Coping With Chronic Rheumatic Diseases…The 4 Fs

Medical Author: William C. Shiel Jr., MD, FACP, FACR
Medical Editor: Catherine B. Driver, MD

Having a temporary condition that is destined to resolve is one thing. A chronic illness, however, has a completely different impact on the lives of patients and their family members. Chronic means that the patient's health is affected by the illness, either intermittently or daily, over an extended and often indefinite period of time. (A chronic illness by the definition of the U.S. National Center for Health Statistics is one that lasts three months or more.)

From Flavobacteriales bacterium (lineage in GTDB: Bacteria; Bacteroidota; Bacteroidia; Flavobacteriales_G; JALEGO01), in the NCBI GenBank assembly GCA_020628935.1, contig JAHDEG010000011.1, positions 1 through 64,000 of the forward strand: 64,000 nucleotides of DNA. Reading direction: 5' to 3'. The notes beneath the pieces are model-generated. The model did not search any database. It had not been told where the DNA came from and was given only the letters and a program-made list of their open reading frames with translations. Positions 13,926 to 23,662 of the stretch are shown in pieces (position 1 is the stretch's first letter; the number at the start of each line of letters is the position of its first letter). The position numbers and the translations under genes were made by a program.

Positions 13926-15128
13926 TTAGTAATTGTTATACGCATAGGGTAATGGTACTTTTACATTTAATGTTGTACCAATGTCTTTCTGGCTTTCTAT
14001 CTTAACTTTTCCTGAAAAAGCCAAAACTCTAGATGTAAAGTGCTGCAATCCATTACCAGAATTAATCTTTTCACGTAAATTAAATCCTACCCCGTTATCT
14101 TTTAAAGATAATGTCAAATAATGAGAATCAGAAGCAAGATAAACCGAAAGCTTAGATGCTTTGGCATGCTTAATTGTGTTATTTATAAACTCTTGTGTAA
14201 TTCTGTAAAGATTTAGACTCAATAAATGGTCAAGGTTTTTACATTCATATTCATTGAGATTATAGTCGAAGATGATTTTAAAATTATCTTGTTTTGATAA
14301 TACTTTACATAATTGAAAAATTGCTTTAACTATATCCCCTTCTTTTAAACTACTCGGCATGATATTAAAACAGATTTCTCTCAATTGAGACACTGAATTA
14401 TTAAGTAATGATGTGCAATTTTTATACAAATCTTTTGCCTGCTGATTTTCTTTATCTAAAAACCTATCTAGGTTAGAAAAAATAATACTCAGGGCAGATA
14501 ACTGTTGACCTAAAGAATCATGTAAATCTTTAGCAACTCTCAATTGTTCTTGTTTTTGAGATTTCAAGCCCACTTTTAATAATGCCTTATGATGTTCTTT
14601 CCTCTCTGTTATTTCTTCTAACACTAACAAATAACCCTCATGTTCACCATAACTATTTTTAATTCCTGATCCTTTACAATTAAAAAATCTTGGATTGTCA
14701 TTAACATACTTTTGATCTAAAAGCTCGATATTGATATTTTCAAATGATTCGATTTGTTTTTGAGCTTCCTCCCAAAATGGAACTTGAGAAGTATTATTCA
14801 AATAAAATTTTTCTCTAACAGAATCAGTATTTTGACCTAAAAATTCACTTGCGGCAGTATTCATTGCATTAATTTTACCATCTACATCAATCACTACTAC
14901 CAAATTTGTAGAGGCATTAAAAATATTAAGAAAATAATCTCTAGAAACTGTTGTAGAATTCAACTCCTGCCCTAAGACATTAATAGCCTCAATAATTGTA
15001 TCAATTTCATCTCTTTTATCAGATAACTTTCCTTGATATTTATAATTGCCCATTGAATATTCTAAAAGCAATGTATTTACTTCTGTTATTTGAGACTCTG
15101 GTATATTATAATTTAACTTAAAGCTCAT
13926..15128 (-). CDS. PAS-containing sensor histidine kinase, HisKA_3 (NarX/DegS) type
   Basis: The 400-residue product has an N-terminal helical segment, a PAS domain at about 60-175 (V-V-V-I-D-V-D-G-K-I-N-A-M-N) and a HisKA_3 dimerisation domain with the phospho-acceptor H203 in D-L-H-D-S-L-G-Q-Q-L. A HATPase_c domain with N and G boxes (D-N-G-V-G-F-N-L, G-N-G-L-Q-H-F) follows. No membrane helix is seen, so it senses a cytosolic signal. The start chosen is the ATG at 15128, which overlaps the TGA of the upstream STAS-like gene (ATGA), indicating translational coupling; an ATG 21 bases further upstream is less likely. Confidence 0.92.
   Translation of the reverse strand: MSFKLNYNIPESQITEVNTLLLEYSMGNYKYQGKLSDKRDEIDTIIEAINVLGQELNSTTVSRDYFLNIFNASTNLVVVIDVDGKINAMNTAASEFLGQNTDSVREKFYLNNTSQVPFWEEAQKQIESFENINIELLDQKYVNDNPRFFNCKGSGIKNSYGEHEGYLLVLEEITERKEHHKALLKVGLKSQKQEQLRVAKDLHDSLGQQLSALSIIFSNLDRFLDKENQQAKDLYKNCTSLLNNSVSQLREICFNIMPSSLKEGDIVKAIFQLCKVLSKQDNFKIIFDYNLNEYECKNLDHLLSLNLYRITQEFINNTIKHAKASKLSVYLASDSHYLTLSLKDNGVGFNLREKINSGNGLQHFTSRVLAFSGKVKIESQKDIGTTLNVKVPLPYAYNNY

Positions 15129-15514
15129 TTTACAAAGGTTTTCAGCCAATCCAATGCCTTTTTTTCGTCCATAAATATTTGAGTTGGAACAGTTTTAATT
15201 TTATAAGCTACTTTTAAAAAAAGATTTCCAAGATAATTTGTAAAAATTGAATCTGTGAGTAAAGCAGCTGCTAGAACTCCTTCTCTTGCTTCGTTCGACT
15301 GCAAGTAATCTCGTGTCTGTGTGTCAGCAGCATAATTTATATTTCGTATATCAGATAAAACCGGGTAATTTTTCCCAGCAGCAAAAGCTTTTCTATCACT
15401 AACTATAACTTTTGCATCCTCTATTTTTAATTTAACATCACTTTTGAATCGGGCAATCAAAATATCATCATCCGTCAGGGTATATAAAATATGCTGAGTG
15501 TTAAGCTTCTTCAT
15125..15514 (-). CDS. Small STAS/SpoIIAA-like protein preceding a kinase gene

Although I write as an expert in rheumatic diseases (I am a rheumatologist), the topic of coping with chronic illness is applicable to people and family members who must regularly confront the impact of health problems from any illness.

Many rheumatic diseases, which are illnesses that involve the muscles and joints, are chronic in nature. For example, rheumatoid arthritis typically presents a daily challenge to those afflicted. Some days are better than others, but the morning activities are frequently affected by stiffness and pain in the joints. Breakfast often includes a sprinkling of medications. Simple preparations for the day, such as dressing, can sometimes require the assistance of a spouse. Even efforts to get places, which for most people are straightforward, can present a logistical nightmare.

Medically Reviewed by a Doctor on 12/1/2014